Usually when I hear “tonight we are going to talk about pie” I get really excited. But tonight it was Glenn Beck talking about pie. It you want to watch the Fox News personality talk about pie for 20 minutes clicky-click here:
He's a baker, not a divider. A pie divider. He wants a whole pie to himself.
For those of you who have something else to do let me sum it up for you. Continue reading
If Curling can be an Olympic sport why can’t Pie Throwing? This harebrained idea comes to us from The Bureau of Silly Ideas over in England (where most great pie news is born).
Pie Throwing's earlier, more gamorous days.
Go sign the petition. RIGHT NOW!
I’m not taking credit for the newfangled craze of Whoopie Pies over in the UK, but after I introduced my English boyfriend to my pumpkin whoopies his life was never the same. Now, they’re all the rage and I’m thrilled to see how creative some British bakers are getting with the down home, New England treats:
From Times Online
Marks & Spencer won the Times’ taste test. I’ll have to try these when we (hopefully) go over there for Christmas.
Of course, as article points out, the rise of the whoopie pie comes at the expense of the cupcake. Intrepid whoopie investigator Huma Qureshi got to the bottom it:
But if, like me, you struggle with the disproportionate slather of overly sweet frosting on cupcakes (Gerhard Jenne, the founder of the upmarket bakery Konditor & Cook, once told me that he couldn’t stand them because he always gets frosting up his nose), then you will appreciate the ease of sinking into a whoopie pie: the buttercream is kept neatly in the middle, like a sweet hamburger in a bun.
For the record, when I get a cupcake I usually rip off the bottom and smush it on top of the frosting. I am, in essence, turning it into a whoopie pie and keeping the frosting out of my nose.
Here is Martha Stewart teaching MSNBC’s Rachel Maddow how to use a blowtorch to caramelize her Baked Raspberry Custard. Clicky-click to watch the clip:
I love everything about this photo.
I fell in love with Tarte Tatin when my friend Micha came to visit from Paris. He stayed at my apartment and insisted on making one in my tiny, galley kitchen (the things we put up with in New York). Without a recipe in sight he caramelized some sugar, tossed in a couple of apples and wowed all of my friends with his je ne sais quoi. Then, with a glass of wine in one hand, he tucked some puff pastry over the concoction and slid it in the oven. Like just about everything the French do he made it look effortless. When I took a stab…not so much.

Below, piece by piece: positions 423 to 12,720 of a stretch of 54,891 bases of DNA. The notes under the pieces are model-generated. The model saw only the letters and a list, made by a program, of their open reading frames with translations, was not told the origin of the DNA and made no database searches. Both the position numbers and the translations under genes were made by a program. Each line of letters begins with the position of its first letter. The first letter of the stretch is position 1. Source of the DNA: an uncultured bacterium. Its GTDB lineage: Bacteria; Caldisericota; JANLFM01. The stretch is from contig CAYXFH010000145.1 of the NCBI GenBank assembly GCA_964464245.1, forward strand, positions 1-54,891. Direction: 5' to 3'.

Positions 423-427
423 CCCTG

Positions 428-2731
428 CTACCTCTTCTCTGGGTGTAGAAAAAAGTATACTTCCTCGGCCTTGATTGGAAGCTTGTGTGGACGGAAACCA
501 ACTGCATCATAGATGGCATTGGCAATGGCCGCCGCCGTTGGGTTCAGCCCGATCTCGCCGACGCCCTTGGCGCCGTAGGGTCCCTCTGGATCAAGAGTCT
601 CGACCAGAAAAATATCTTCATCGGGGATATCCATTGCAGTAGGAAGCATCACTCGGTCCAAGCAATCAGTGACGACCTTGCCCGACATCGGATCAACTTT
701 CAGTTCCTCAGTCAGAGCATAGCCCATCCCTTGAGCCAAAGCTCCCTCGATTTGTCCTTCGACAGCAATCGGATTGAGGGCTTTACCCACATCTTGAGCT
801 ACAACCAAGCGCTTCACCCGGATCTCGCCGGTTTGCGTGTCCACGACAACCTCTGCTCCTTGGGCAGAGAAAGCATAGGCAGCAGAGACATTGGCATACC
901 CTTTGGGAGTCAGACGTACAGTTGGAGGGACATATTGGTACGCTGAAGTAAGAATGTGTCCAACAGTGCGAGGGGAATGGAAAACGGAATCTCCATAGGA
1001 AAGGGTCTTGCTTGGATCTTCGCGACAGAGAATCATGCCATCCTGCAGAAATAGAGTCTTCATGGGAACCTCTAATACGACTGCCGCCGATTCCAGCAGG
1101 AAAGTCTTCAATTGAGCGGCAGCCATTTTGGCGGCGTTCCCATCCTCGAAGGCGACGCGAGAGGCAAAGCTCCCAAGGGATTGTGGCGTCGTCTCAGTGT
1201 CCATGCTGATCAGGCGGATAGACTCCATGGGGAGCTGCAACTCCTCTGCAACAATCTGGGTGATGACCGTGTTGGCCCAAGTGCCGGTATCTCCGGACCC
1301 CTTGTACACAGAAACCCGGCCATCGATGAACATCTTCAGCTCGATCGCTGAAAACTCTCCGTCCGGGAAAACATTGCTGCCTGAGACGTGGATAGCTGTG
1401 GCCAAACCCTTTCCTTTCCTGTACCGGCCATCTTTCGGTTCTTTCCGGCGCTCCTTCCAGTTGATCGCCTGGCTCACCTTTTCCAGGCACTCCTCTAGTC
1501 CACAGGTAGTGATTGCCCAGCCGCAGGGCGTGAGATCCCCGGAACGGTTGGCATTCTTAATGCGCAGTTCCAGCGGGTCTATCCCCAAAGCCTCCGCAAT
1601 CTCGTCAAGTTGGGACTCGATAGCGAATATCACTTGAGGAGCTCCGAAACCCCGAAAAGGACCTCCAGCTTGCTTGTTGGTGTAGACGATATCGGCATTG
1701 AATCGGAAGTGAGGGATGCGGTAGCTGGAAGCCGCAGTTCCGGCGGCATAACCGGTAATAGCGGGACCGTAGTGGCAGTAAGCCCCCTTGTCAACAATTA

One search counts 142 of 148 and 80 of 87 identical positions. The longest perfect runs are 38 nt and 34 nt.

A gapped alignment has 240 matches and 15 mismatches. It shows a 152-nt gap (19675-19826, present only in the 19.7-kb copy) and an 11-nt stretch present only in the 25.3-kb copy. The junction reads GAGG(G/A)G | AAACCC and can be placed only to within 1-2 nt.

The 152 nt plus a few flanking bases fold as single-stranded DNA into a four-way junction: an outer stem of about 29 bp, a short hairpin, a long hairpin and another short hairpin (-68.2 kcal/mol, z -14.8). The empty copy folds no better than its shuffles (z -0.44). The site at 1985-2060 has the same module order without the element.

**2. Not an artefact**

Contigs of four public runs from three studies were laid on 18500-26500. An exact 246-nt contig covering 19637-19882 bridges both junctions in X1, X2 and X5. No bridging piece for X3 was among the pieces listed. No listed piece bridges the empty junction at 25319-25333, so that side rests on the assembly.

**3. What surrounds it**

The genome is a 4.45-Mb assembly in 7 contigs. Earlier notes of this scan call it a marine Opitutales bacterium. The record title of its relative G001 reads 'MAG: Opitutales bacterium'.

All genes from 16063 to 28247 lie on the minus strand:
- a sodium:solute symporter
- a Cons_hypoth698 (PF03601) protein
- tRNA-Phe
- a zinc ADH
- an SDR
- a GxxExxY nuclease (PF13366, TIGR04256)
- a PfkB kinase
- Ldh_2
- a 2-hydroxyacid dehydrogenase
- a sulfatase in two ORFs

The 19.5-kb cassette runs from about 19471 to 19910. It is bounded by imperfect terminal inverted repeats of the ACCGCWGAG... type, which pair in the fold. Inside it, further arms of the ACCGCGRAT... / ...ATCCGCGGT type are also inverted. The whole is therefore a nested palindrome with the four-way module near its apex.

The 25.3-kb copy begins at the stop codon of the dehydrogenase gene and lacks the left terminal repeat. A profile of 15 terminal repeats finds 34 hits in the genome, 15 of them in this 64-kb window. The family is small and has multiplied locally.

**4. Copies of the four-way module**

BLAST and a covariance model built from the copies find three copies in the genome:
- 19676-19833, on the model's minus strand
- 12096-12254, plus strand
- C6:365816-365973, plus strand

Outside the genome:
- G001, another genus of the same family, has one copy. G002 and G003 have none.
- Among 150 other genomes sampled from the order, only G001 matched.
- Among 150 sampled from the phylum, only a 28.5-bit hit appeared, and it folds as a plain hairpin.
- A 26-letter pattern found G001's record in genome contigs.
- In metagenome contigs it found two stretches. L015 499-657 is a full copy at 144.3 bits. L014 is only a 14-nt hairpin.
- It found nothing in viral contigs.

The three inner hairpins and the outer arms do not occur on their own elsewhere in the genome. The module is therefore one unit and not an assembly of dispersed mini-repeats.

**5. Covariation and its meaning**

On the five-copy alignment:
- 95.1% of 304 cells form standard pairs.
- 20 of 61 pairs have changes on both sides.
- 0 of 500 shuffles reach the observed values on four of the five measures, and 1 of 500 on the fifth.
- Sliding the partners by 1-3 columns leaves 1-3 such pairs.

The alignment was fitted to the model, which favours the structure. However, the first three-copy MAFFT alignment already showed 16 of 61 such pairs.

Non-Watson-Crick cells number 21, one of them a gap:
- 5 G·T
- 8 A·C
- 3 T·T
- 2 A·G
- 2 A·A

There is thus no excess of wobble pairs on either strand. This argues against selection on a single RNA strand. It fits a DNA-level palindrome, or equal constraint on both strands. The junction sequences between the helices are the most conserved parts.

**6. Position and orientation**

Ever since I got into the pie scene I’ve wanted to tackle the Tarte Tatin. “It’s so easy, no fussing with the crust,” I thought. “And it’s so elegant.” But, of course, I over analyze EVERYTHING and had to research a million different Tarte Tatins. There’s the two pan method, the single $210 pan, the debate over puff pastry vs pastry crust and, of course, various opinions on how to cut your apples: halves, quarters or smaller. I had to decide which way I was going to go. I chose wrong.
Why yes, that is 18 oz. of chocolate chips.
My 150 little cookies (made with about 4 lbs. of chocolate) are off to the Cookie Takedown. Check back for a full report.
Most meringue recipes call for a pinch of cream of tartar. What the hell is the stuff and what does it do? Cream of tartar is another name for the acid potassium bitartrate and it’s a byproduct of winemaking. Who knew? The acid crystallizes in wine casks during fermentation. The process for extracting the crystals from wine dates back to ninth century persia, but traces of the acid have been used to date the winemaking process back about 7000 years. Despite it’s auspicious history, cream of tartar wasn’t commercially available until the 1800s.
I had always assumed that cream of tartar was some horrible, industrial chemical byproduct and I’ve only got my high school history teacher to blame! He made us read Herman Melville’s sendup of the industrial revolution, The Tartarus of the Maids:
“Then, shooting through the pass, all alone with inscrutable nature, I exlaimed–Oh! Paradise of Bachelors! and oh! Tartarus of Maids!”
The story is about a visit to a hell-like paper mill and the ghostlike women whose lives are drained by their industrial labor. It’s a great (but depressing) story…that has nothing to do with cream of tartar. Word association is a powerful thing.
But what does it actually do? Continue reading